Courses That Can Help Communication

Multiple colourful speech bubbles with the word blah inside.
Yada, yada, board, insignificance, by geralt (CCO) via pixabay.com

Recently, communication has become something of a buzzword in academic circles. And rightly so. As researchers, it’s important that we are able to communicate our work effectively to the general public. But we also need to communicate competently with each other, if we’re going to make any progress.

As I recently learned on The Postgraduate Leadership Programme (PGLP), an exact definition of communication isn’t easy to pin down. It extends beyond simply telling people about research: it’s the conversations that we have, the emails we send, the body language we use and a whole host of other things that we rarely think about. It comes in many forms: from that important email you forgot about, to the dreaded ‘Cleaning in Progress’ cone blocking the bathroom door (after three coffees and a 40 minute commute). It’s not always a conscious process but it is an important one.

A digital cartoon image of two small stick men speaking through a tin can and wire telephone.
Communication, phone call, message by 3dman_eu (CCO) via pixabay.com

As someone who works with lasers, chemicals and power tools on a routine basis, I still consider email to be one of the most dangerous tools in my arsenal: in just a few short sentences, an email can ruin working relationships for ever. However, I recently learned about the Meta Model, which helps us interpret the language people use by defining specific patterns. Listening out for these patterns allows us to develop a better understanding of the message being conveyed, which also lets us ask refined questions and communicate more effectively. I’ll never send another email without using it.

I learned about this model on the PGLP but, if you want to hone your own skills, there are lots of opportunities to work on communication through the Researcher Development Programmes offered by the UofG. First off, I would have a look at PG Essentials: Strategies for a Successful Start to Your PhD. This online course covers everything from getting organised to understanding the roles and responsibilities of you and your supervisor. The latter part being essential for effective two way communication.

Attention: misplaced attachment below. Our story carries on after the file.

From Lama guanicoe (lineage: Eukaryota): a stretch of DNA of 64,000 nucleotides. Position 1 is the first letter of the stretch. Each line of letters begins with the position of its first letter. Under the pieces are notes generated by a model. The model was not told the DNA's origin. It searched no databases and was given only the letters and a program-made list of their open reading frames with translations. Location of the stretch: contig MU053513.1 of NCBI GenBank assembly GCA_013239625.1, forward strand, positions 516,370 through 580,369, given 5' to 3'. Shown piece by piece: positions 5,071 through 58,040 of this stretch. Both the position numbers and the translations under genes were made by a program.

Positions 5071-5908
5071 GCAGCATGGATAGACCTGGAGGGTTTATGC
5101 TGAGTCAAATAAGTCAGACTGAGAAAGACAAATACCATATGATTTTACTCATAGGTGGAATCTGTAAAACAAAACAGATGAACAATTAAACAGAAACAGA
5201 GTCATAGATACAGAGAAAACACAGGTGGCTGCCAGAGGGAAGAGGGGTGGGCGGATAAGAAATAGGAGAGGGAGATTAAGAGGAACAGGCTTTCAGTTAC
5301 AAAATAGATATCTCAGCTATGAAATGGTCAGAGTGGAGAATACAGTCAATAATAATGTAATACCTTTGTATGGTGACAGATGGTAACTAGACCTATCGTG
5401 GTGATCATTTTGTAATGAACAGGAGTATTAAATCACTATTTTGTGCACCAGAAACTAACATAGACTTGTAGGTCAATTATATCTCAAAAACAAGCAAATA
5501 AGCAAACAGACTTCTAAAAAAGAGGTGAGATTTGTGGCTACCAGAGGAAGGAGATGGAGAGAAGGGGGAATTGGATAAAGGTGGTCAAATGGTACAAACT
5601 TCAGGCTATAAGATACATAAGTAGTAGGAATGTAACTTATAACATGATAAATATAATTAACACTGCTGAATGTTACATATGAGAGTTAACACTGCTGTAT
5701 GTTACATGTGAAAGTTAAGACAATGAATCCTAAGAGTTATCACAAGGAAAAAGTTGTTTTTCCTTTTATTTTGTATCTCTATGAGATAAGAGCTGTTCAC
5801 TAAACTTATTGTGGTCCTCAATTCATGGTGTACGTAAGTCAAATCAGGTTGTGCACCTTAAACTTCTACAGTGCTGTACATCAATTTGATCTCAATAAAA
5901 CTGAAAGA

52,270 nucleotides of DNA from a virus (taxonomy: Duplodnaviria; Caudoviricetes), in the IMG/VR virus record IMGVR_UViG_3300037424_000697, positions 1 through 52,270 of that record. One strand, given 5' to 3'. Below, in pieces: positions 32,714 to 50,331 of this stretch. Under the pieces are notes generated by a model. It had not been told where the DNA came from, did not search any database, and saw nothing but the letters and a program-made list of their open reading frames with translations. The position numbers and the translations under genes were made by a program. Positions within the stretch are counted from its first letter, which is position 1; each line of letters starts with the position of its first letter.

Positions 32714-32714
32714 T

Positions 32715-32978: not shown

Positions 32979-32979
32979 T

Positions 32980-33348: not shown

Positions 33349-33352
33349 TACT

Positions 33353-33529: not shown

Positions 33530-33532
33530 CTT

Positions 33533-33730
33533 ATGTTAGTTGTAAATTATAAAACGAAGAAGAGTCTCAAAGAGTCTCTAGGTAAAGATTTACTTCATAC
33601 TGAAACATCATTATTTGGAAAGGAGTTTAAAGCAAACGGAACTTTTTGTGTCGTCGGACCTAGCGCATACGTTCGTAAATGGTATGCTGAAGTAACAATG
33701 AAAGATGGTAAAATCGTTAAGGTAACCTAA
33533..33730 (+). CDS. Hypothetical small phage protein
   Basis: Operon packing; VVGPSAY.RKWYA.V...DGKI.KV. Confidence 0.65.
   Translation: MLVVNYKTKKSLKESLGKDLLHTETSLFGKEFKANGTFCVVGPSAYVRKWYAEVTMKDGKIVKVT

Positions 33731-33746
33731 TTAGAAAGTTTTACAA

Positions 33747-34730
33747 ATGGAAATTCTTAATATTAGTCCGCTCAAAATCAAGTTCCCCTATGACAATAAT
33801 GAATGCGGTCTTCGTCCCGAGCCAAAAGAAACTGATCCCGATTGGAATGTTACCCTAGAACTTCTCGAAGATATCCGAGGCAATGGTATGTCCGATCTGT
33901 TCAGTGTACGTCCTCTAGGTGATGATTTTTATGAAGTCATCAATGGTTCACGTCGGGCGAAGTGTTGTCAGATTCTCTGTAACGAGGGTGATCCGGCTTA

Further to that, the following courses and workshops are ones that I have personally attended and found useful for advancing some aspect of my communication. I’d recommend signing up for them all.

  • Presenting with Impact covers a wide range of methods for getting your message across vocally and – importantly – it’s fun.
  • The Introduction to Public Engagement workshop covers a variety of techniques for public conversations about science. It asks questions like: who is your audience? what do you have to say? why do they care about it? And a whole lot more. Answering these questions allows you to tailor your communication strategy effectively.
  • Not only is the Myers Briggs (Personality) Type Indicator Workshop a mouthful to say, it’s also a great way to learn about how other people prefer to communicate: everyone is different and understanding these differences helps make communication easier across personality boundaries.
  • Finally, The Postgraduate Leadership Programme is a four day course that I’m currently halfway through. The focus is on making the participants better leaders but a large part of the process is dedicated to improving communication techniques.

The colleges of Arts, MVLS, Science and Engineering, and Social Sciences all have slightly different training opportunities so, if you want to become a more competent communicator, it’s best to browse through the catalogue that applies to you.

Have you been on a course that you found useful for developing your communication? Let us know in the comments or over on Twitter.

Post Author: Stuart Henry Wilson

Stuart Henry Wilson (@StuartHWilson) studied physics as an undergraduate and is now a member of the Imaging Concepts Group at UofG. He experiences life through Autism Spectrum Disorder and spends most of his time wondering how he actually managed to get this far. When he's not in the lab or office, he's usually pretending to be a doggy with his 2 year old daughter. If you enjoyed this content, you should have a look at some other things he’s written.

Leave a Reply

Your email address will not be published. Required fields are marked *